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I will be putting the Lumagen against a Pro very soon.

And not only will I be sitting on my sofa, I am going to pixel peep both and post what they are really doing close up.

People need to understand that the tone mapping has not been TOUCHED in over one year, it was put on hold so the Envy GUI and such could be implemented, word is, that is very nearly finally done and Mathias will be back on board the tone mapping, there is a list of things we are going to look at. Its no surpise the Lumagen in that time has caught right up. Well done to them! But dont think that MadVR is about to lie down on the railroad tracks.
DTM is not the only place that Envy appears behind.

The scope of the comparison tends to focus on scaling and DTM, but I submit that company viability both financially and operationally should be included. That it has taken so long for Envy to release product may or may not indicate issues relative thereto, but it warrants consideration.

Furthermore, cost of each unit is real, and factors into relative valuations.

The Lumagen team has proven its business and technical prowess long term, while Envy is just getting started as a business. Of course, Envy, via madVR, has established long term technical prowess.
 

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actually so far it is looking better because of the performance comparisons to the extreme. If twice the cost isn’t manifesting in pretty substantial differences in direct comparisons with the extreme, who is even thinking about the pro!
For tone mapping and scaling and normal sharpening / enhancements the Pro is the equal of the Extreme. As for the comparisons here in Europe they were considered significant in a number of comparisons but then these people do not post here as not everybody feels the need to post on a forum and/or his English skills may prevent posting.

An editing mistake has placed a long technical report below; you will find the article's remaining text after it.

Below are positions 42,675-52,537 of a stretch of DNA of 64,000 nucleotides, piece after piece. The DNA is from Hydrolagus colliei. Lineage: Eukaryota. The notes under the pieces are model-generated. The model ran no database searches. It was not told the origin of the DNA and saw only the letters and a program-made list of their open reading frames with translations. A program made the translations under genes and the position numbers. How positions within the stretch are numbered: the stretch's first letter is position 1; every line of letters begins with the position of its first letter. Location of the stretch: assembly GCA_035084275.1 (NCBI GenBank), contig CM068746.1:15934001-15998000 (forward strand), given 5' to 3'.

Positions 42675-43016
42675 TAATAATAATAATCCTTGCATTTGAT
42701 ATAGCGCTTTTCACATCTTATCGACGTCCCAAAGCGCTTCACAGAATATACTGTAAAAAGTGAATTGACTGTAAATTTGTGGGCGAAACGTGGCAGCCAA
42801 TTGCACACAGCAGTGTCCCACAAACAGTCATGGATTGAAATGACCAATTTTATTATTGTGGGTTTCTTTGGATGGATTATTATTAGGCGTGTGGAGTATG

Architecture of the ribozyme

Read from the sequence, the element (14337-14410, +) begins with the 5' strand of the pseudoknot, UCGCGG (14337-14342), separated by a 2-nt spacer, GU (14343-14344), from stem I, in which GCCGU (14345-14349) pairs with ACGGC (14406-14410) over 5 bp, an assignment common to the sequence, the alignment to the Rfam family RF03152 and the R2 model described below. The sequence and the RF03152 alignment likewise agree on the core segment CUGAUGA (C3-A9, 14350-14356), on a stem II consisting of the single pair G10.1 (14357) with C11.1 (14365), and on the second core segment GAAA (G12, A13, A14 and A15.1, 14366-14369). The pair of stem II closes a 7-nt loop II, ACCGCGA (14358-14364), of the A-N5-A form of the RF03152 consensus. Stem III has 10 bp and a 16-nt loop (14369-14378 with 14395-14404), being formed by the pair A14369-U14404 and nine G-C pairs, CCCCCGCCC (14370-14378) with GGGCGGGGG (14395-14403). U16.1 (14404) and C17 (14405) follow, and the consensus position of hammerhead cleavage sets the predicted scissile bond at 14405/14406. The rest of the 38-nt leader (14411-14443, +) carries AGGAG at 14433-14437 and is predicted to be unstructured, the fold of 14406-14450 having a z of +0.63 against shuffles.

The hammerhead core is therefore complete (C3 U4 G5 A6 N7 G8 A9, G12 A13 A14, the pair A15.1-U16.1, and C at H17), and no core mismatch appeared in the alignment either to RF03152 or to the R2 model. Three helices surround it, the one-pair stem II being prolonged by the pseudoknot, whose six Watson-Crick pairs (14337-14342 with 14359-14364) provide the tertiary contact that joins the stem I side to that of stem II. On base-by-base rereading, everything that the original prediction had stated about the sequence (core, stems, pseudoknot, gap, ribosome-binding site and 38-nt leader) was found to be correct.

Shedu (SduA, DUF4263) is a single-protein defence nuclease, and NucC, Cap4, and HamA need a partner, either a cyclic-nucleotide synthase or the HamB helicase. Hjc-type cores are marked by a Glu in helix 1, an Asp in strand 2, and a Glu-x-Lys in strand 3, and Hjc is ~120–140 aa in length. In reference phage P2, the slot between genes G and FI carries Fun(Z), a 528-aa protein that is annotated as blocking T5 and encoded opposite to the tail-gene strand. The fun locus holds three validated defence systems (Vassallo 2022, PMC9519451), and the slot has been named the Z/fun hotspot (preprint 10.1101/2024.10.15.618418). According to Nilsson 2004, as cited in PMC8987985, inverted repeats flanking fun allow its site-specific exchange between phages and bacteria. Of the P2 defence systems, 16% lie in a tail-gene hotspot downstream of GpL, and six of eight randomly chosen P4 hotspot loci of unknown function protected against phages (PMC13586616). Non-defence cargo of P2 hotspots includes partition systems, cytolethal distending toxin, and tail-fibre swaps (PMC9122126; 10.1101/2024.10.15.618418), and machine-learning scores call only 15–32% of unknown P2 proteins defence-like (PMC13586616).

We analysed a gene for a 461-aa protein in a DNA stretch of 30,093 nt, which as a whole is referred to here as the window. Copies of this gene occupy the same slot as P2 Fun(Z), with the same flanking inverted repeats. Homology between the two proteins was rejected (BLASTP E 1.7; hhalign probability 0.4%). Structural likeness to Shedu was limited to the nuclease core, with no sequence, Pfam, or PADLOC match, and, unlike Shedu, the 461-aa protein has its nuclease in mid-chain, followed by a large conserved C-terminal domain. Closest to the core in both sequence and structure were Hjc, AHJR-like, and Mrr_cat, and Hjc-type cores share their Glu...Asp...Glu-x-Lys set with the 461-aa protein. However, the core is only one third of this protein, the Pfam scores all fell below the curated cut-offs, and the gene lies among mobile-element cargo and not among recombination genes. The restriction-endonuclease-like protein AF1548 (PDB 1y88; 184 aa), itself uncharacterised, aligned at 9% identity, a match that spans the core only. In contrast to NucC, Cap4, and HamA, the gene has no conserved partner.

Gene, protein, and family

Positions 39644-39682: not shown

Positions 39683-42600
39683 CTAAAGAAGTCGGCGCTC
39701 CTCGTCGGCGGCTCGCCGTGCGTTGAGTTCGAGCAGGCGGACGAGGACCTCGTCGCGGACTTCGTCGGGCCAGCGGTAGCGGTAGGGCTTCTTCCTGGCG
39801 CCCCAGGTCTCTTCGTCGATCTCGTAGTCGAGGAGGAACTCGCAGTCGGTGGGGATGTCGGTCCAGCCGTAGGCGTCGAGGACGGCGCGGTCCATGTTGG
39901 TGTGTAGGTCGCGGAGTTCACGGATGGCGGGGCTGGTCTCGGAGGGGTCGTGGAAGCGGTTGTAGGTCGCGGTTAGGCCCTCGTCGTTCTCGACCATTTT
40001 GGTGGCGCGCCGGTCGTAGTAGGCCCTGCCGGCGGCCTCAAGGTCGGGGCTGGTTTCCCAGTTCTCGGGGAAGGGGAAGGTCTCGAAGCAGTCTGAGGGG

As far as to what is considered significant and what isn't this is I guess subjective anyway. Today I had somebody over and we made a comparison between an NX9 and an NX7 and differences with test patterns and close to the screen were VERY visible especially towards the edges of the screen due to the superior lens of the NX9 but not so much with moving video of even the best demo content at about one screen width away and yet there are people who buy the NX9 despite its much higher price.

Comparing the Envy and the Lumagen one could find more substantial differences between the Envy Pro and the Radiance Pro than what we saw with the two JVC in certain areas but the question is what is important to the customer and what is considered inconsequential.
 

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DTM is not the only place that Envy appears behind.
Which is why I said I am going to pixel peep. Have already seen close up images with the Lumagens new up-scaling. But will reserve any comment for when I carry out the comparisons, not just that, I will upload almost lossless video capture of both machines for people to download and watch to see what they are both doing with a source scene too. As far as I know that has never been done before.

Furthermore, cost of each unit is real, and factors into relative valuations.
Yeah and doubly why I think it will be interesting to look at the PRO vs the Lumagen because they are close to the same price.

The scope of the comparison tends to focus on scaling and DTM, but I submit that company viability both financially and operationally should be included. That it has taken so long for Envy to release product may or may not indicate issues relative thereto, but it warrants consideration.

The Lumagen team has proven its business and technical prowess long term, while Envy is just getting started as a business. Of course, Envy, via madVR, has established long term technical prowess.
Understood, but I just simply dont care about this. Not going to apologize but comments like this have no place in a performance analysis thread.
 

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For tone mapping and scaling and normal sharpening / enhancements the Pro is the equal of the Extreme. As for the comparisons here in Europe they were considered significant in a number of comparisons but then these people do not post here as not everybody feels the need to post on a forum and/or his English skills may prevent posting.

As far as to what is considered significant and what isn't this is I guess subjective anyway. Today I had somebody over and we made a comparison between an NX9 and an NX7 and differences with test patterns and close to the screen were VERY visible especially towards the edges of the screen due to the superior lens of the NX9 but not so much with moving video of even the best demo content at about one screen width away and yet there are people who buy the NX9 despite its much higher price.

Comparing the Envy and the Lumagen one could find more substantial differences between the Envy Pro and the Radiance Pro than what we saw with the two JVC in certain areas but the question is what is important to the customer and what is considered inconsequential.
Love to hear more?? What was compared and what was the result? Which was significant etc?